Still, there are thinner and lighter workstations on the market. The 15-inch MacBook Pro with Retina display is both lighter at 4.46 pounds (2.02kg) and slimmer at 0.71 inches (1.8cm). Dell's M3800 workstation is even more dramatic, with an even lighter 4.15-pound (1.88kg) weight. Although the M3800 has the same 0.71-inch thickness as Apple's laptop, Dell tapers the front to a slim 0.31 inches (0.79cm), making it feel thinner than it really is.
With the ThinkPad W550s, Lenovo opted for a dual-finish design. The top lid of the laptop has a soft-touch finish. The rubberized material makes the laptop easier to grip, but is a magnet for dirt and fingerprints.
Lifting open the top lid reveals a spacious keyboard deck and large 15.5-inch display. The lid is attached to the body with sturdy, square stainless steel hinges. The hinge is solid enough that hard taps on the touchscreen display didn't cause the screen to tilt back.
Compared to the 14-inch full HD display on the ThinkPad T450s that TechRadar reviewed recently, the larger footprint of the W550s gives you more screen real estate and pixels to work with, making it easier to juggle multiple windows and stay productive.
Even though the large screen makes video editing and photo touchups an immersive experience, I wish Lenovo had opted for a taller screen. The 16:9 aspect ratio feels a little constraining when working with large Excel spreadsheets and Word documents, and a 16:10 display would certainly feel roomier.
Unlike the lid, the keyboard deck, palm rest, under carriage and sides are not coated in the soft-touch finish. Similar to the Lenovo ThinkPad T450s, I found the matte plastic more resistant to attracting fingerprints, oils and dirt over extended use.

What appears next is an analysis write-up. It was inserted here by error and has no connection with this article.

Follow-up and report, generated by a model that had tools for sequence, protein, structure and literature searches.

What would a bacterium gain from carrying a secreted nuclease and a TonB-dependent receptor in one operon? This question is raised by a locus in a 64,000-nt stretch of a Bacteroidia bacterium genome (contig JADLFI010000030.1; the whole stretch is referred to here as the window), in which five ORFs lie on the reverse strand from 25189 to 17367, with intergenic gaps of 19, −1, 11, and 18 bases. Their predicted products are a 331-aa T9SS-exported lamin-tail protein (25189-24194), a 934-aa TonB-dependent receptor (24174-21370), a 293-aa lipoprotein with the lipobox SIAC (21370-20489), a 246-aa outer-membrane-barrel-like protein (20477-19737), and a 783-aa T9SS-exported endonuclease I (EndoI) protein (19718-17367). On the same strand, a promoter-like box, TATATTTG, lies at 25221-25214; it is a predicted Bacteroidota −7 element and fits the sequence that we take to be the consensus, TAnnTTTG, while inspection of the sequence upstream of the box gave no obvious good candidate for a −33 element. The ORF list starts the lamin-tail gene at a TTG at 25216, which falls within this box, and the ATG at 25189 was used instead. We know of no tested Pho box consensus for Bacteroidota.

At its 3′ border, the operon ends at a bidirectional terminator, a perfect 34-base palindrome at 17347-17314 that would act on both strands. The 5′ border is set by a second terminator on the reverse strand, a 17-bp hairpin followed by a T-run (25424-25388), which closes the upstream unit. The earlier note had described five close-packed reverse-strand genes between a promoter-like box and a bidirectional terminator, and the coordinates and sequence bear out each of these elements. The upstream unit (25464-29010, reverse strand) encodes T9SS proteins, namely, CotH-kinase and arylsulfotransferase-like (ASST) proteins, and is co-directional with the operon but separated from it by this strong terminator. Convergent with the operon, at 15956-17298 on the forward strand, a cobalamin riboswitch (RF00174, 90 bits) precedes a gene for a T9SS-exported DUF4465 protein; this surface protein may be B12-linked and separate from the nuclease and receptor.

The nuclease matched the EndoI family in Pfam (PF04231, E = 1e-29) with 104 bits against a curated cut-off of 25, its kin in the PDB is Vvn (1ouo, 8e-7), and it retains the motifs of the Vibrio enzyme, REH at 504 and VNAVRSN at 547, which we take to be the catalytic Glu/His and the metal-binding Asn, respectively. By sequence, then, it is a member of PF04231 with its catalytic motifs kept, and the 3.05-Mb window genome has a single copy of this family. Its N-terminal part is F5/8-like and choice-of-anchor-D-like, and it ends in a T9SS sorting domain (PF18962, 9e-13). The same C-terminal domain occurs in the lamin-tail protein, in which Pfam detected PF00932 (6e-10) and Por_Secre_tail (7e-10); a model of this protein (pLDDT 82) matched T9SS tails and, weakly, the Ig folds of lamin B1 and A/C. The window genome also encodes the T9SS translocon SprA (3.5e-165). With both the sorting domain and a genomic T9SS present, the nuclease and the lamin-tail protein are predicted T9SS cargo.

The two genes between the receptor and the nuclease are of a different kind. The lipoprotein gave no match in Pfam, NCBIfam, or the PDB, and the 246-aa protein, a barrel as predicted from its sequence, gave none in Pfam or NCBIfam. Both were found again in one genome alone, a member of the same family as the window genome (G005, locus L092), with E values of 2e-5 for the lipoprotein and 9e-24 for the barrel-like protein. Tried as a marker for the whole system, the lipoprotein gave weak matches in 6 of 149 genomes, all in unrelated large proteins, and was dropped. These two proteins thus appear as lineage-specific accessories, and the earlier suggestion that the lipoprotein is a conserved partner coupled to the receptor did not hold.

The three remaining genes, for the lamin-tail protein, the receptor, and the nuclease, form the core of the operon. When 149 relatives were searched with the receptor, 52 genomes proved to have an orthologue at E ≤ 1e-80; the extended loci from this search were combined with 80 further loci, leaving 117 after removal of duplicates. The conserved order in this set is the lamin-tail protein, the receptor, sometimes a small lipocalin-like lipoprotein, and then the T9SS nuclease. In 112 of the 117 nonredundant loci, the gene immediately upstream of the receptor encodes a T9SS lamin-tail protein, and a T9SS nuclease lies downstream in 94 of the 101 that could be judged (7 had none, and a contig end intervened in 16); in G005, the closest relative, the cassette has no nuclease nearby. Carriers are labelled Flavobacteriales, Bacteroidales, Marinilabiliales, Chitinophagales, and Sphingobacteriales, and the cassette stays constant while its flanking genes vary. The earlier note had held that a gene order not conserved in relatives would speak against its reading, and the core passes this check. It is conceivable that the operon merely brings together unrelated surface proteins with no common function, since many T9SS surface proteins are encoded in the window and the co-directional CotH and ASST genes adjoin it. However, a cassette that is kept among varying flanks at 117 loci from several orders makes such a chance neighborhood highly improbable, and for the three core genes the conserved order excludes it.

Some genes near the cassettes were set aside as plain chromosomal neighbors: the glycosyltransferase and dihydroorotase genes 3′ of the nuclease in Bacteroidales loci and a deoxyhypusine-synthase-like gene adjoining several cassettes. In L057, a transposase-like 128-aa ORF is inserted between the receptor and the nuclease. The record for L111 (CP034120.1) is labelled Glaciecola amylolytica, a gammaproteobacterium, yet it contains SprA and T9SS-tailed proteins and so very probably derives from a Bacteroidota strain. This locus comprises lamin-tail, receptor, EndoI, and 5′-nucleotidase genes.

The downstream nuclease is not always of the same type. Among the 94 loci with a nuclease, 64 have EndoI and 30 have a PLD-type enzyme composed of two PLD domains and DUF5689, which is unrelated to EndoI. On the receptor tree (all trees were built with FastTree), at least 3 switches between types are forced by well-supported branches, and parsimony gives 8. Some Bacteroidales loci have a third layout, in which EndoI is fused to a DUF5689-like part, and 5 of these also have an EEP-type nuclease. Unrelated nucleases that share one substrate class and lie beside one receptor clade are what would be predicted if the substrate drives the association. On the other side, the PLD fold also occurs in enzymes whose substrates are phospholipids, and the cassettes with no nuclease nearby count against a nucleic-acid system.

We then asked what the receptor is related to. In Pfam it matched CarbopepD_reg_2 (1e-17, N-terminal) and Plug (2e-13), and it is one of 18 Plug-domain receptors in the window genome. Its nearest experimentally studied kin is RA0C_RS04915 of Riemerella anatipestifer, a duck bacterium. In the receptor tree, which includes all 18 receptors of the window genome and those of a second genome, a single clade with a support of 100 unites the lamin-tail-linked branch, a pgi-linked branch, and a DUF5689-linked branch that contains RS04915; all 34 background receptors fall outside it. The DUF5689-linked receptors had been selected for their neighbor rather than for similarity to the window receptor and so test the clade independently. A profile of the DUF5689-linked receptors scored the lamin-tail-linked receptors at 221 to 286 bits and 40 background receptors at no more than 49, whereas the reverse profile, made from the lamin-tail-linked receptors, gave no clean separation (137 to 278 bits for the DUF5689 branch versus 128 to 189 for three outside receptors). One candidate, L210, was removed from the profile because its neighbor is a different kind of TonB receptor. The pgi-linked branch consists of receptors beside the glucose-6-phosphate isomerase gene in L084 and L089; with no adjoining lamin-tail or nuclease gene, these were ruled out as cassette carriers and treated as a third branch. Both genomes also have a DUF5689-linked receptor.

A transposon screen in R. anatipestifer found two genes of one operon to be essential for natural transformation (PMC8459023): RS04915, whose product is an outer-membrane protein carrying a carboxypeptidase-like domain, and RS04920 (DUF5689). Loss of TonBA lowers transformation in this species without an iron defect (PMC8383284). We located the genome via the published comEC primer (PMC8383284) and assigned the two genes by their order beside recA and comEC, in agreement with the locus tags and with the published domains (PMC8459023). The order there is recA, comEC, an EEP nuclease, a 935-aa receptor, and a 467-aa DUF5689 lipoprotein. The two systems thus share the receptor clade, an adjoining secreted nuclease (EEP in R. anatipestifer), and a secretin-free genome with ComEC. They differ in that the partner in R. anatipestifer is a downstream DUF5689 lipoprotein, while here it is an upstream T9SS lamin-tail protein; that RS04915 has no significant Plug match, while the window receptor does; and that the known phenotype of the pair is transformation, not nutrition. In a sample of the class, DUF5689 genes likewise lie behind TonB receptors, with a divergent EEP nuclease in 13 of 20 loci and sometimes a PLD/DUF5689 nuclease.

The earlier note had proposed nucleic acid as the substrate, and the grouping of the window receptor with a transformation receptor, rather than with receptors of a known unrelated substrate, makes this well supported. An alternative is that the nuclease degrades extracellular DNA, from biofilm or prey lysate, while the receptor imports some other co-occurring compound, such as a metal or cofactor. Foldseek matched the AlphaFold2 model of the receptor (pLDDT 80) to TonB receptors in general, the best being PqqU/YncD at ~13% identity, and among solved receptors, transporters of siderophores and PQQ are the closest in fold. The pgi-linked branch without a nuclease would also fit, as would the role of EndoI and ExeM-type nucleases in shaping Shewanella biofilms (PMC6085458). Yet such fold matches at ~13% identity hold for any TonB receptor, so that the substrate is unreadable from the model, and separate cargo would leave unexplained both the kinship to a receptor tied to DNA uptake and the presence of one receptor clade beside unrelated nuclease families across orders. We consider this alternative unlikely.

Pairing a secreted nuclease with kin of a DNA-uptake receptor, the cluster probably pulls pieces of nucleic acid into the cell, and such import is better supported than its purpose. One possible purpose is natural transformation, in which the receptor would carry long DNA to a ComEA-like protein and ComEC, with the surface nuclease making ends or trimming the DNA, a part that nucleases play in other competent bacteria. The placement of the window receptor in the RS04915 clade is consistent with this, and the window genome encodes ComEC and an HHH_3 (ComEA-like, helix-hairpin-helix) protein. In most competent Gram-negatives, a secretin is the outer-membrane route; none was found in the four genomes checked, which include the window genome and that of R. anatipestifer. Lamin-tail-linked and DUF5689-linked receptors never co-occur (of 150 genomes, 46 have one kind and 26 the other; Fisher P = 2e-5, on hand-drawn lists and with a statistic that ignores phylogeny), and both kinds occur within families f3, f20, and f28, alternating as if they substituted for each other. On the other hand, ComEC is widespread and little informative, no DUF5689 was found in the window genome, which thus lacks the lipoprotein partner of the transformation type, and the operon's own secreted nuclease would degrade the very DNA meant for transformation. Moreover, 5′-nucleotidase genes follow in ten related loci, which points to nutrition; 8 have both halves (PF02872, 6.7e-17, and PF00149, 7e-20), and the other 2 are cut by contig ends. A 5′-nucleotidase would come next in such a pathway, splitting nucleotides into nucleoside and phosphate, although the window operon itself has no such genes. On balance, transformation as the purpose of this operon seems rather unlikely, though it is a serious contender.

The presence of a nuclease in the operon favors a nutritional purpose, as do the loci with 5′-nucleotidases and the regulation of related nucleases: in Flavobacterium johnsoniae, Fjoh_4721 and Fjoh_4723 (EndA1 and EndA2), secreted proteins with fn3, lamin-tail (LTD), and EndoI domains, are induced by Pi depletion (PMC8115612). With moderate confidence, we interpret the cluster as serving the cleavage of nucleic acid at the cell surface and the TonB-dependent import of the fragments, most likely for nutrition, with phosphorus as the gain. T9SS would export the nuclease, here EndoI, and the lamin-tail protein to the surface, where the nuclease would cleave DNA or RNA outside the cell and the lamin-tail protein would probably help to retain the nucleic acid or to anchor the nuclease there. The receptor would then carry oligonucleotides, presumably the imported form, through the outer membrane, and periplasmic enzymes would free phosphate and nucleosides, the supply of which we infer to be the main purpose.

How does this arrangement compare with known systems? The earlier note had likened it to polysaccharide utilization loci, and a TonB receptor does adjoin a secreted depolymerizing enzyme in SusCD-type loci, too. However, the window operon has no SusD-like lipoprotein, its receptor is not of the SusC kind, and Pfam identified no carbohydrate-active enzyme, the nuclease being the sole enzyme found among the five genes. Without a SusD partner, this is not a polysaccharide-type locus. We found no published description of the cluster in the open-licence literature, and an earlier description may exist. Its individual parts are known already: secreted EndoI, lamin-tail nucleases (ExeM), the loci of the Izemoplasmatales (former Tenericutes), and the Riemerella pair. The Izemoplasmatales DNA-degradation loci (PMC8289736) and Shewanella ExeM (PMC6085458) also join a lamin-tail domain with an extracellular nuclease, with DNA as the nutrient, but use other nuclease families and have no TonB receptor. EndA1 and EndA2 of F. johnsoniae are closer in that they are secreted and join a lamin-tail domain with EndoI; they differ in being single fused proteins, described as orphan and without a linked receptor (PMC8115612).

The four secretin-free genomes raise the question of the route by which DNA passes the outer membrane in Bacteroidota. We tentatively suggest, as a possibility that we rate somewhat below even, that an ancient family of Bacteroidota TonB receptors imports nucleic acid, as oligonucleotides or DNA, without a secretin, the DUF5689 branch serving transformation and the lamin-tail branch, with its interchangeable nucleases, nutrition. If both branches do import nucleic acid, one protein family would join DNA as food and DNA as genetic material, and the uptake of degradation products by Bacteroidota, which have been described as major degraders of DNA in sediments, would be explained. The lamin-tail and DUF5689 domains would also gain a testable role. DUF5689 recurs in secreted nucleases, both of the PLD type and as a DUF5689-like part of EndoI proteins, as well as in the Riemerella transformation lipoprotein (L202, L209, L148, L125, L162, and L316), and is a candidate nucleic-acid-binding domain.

A bevy of ports on both sides of the ThinkPad makes it easy to connect peripherals while traveling without the optional docking station. With both VGA and mini DisplayPorts on the W550s, users can connect two displays simultaneously to the W550s.
The optional docking port on the undercarriage of the laptop allows for more expandability with additional USB ports, HDMI, DVI-D, and DisplayPort.
Typing is very comfortable on the spill-resistant, backlit keyboard. The ThinkPad W550s comes with responsive keys that offer plenty of travel. Compared to the MacBook Pro, there is more key travel on the concave keys of the ThinkPad W550s, but the keys of the Lenovo sound more dampened.
In my use, key presses on the W550s sound softer without the clickiness of the MacBook keys.
For those who live inside Excel or deal a lot with numbers, there is a dedicated number pad just to the right of the keyboard. This is an advantage over consumer-centric notebooks or those intended for creative professionals, like the 15-inch MacBook Pro with Retina display.
Compared to a desktop keyboard, the keys on the number pad are slightly narrower on the ThinkPad W550s, but not quite as narrow as the keys on the MSI WS60.
Because of the inclusion of the number pad, both the keyboard and the trackpad were skewed a little to the left in their placement relative to the screen. Though the overall typing experience is excellent, ergonomics may be hindered depending on how you use the notebook.
When used as a laptop on my lap, I found that my body was slightly turned towards the left to accommodate for the off-center position of the keyboard. When used on a desk, this was less obvious.